Posted on May 27, 2022
The Charlton Down Nature Reserve has seen some significant ‘tidying up’ over the last year. I do not know why a nature reserve should be so neat and tidy, with swathes of close-cut grass and pathways that look as if they cover a greater proportion of the site than the ‘wild’ areas themselves. Nevertheless, some wild native flowers have survived this Spring, although to a much lesser degree than observed in previous years. There is a thick carpeting of very small Yellow Rattle plants low down on the ever-decreasing central area which I think has been cut twice at least since last autumn..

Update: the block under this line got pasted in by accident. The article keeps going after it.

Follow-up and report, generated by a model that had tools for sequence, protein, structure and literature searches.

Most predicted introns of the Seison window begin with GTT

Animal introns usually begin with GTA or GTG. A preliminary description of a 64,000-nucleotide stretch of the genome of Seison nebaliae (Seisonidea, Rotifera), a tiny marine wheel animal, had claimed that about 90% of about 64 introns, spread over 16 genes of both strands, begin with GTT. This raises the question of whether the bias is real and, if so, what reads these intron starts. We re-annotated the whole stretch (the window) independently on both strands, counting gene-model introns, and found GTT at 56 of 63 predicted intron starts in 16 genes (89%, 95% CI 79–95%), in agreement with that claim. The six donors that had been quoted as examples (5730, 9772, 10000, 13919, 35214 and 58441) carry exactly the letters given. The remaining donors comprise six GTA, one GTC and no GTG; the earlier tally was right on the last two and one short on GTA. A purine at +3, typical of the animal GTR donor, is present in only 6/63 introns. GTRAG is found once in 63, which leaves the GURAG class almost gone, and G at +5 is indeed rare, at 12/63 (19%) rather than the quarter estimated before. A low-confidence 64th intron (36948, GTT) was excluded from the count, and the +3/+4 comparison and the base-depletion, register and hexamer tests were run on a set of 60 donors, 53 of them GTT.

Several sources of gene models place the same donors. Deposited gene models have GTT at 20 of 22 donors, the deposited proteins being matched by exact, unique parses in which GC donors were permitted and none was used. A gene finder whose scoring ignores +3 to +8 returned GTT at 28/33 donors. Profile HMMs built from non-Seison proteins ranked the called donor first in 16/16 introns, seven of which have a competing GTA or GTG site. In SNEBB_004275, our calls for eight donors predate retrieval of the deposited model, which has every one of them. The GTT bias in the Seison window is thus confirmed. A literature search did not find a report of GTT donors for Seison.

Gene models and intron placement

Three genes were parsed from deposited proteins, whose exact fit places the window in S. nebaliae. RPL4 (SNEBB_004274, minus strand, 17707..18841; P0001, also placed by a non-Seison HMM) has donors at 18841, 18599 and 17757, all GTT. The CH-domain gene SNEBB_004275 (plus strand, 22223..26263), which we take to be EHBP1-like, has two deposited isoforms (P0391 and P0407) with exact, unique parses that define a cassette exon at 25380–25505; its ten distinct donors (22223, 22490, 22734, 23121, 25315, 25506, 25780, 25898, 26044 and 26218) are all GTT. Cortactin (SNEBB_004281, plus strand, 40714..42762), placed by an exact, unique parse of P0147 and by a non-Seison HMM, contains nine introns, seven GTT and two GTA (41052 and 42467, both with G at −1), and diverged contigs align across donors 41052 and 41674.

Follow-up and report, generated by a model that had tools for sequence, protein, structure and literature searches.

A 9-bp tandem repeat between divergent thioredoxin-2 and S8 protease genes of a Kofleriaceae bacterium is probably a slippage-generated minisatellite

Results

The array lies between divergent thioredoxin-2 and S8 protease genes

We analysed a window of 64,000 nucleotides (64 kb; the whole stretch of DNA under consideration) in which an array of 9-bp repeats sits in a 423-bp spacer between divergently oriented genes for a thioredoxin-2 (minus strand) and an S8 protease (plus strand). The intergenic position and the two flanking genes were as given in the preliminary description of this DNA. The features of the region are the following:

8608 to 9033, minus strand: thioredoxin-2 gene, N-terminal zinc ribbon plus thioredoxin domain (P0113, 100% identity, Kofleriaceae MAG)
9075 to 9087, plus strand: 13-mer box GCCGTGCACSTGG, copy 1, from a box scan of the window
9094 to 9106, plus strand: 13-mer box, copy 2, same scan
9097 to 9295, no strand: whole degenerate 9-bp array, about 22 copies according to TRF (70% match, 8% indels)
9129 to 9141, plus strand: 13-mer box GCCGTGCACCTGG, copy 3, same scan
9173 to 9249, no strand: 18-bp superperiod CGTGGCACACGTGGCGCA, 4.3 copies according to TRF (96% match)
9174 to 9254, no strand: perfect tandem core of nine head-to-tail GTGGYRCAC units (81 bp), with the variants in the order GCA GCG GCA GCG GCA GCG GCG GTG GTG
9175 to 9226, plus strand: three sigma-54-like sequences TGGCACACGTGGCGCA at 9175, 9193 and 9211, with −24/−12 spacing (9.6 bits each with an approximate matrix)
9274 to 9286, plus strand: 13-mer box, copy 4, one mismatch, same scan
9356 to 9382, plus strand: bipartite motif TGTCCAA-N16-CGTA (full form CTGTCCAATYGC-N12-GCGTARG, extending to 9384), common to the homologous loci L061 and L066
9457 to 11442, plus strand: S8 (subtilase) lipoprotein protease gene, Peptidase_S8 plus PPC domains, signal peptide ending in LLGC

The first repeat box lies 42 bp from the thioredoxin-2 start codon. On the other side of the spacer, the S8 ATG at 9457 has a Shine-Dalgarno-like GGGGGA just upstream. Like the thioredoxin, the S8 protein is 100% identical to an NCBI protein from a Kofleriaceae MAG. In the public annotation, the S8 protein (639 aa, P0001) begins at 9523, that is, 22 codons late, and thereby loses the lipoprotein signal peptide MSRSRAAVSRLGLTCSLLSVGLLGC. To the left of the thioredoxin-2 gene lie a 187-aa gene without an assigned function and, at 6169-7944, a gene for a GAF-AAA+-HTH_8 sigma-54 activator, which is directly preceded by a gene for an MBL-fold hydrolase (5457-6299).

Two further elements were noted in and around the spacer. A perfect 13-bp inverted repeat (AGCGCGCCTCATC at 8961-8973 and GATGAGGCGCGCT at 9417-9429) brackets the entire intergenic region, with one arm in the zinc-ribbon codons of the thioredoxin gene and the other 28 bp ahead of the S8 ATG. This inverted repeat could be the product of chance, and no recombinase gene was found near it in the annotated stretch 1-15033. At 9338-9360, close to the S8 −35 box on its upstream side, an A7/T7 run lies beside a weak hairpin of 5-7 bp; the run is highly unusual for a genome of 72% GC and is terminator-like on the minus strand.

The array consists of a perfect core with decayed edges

Posted on July 23, 2021
Yellow Rattle (Rhinanthus minor) is a small flowering plant which you might easily overlook, but in the CD Nature Reserve it is the most abundant plant in the wild area nearest to the pond. It is semi-parasitic on the roots of other plants. Yellow rattles are known to grow in undisturbed meadows and stabilised dunes. In our area the plants are never reaching their full height or vigour as in other places I have visited (like the sand dunes of Oxwich Bay in South Wales). They reach about 6 or 7 inches and are very crowded together amongst the grass and other vegetation. The flowers are yellow and have leaf-like bracts with a distinctive triangular shape and serrated edges. The common name alludes to the inflated capsules that develop when the flowers are done. The ripe seeds will actually rattle in the dried brown pods.
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